To extract the rate constants of Aurora-A autophosphorylation, we fitted both the product and dP/dt data sets to the appropriate analytical equations (Table 1). Agreement between the data sets was good, with the differences indicating the likely degree of precision of the measurements. Comparison of the steady-state rate obtained after Aurora-A autoactivation in vitro (Table 1) with that for enzyme autophosphorylated during expression in Escherichia coli (7) suggested that either the activated enzyme was less active or only a small population (~20%) of Aurora-A was autophosphorylated in vitro. Both mass spectrometry and Western blot analysis supported the latter hypothesis (fig. S4 and table S1).

Table 1 Fitted kinetic constants for Aurora-A autoactivation reaction.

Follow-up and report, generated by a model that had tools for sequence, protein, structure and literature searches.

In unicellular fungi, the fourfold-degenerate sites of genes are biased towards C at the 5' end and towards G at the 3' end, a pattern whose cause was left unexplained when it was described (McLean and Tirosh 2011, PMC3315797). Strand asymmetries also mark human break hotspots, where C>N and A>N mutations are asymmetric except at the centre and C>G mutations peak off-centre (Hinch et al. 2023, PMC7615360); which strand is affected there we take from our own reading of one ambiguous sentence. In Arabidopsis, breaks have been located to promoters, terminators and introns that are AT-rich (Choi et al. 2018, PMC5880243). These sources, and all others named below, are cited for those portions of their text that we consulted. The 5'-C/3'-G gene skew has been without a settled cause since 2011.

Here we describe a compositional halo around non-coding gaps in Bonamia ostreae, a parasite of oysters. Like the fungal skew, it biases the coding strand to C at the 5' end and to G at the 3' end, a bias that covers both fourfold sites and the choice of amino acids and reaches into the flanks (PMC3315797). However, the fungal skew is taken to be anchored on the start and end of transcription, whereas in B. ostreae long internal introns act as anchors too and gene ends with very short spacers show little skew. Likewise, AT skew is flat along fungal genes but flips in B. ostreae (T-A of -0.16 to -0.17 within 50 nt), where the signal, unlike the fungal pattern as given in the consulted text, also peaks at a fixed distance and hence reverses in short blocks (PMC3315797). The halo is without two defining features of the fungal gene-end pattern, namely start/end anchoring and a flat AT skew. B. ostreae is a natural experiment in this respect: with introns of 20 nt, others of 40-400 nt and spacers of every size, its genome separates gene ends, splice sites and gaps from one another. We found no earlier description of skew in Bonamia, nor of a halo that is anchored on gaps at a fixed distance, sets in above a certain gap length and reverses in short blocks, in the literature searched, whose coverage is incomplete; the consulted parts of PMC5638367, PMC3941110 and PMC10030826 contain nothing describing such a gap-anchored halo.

Values are averages of three independent measurements (each a run of duplicate measurements) ± SEM. To fit the graphs of phosphorylated peptide product against time (Fig. 5A, left), the data were truncated at 20% substrate conversion and fit globally to Eq. 21 with T0 constrained for each data set. In fitting these data, the parameters α, k1, and k2 were shared between enzyme concentrations, and v′ allowed to float. Thus, each fit of the product accumulation data returned a single value of α, k1, and k2 constrained by all enzyme concentrations but multiple values of v′ (one for each concentration of enzyme). The reported value for v′ is the average ± SEM of values obtained. To fit the graphs of dP/dt (rate of product formation; Fig. 5A, center), the data were truncated at 20% substrate conversion and fit globally to Eq. 20 with T0 constrained for each data set. In these fits, α, k1, k2, and v′ were shared between data sets. We attribute the value of α to progress of the reaction before collection of the first data point (the dead time of the measurement). Our model does not allow us to assign an order to the rate constants k1 and k2 without a direct probe of the populations of E or E′, and therefore the numerical values of the rate constants k1 and k2 may be either of the values determined here.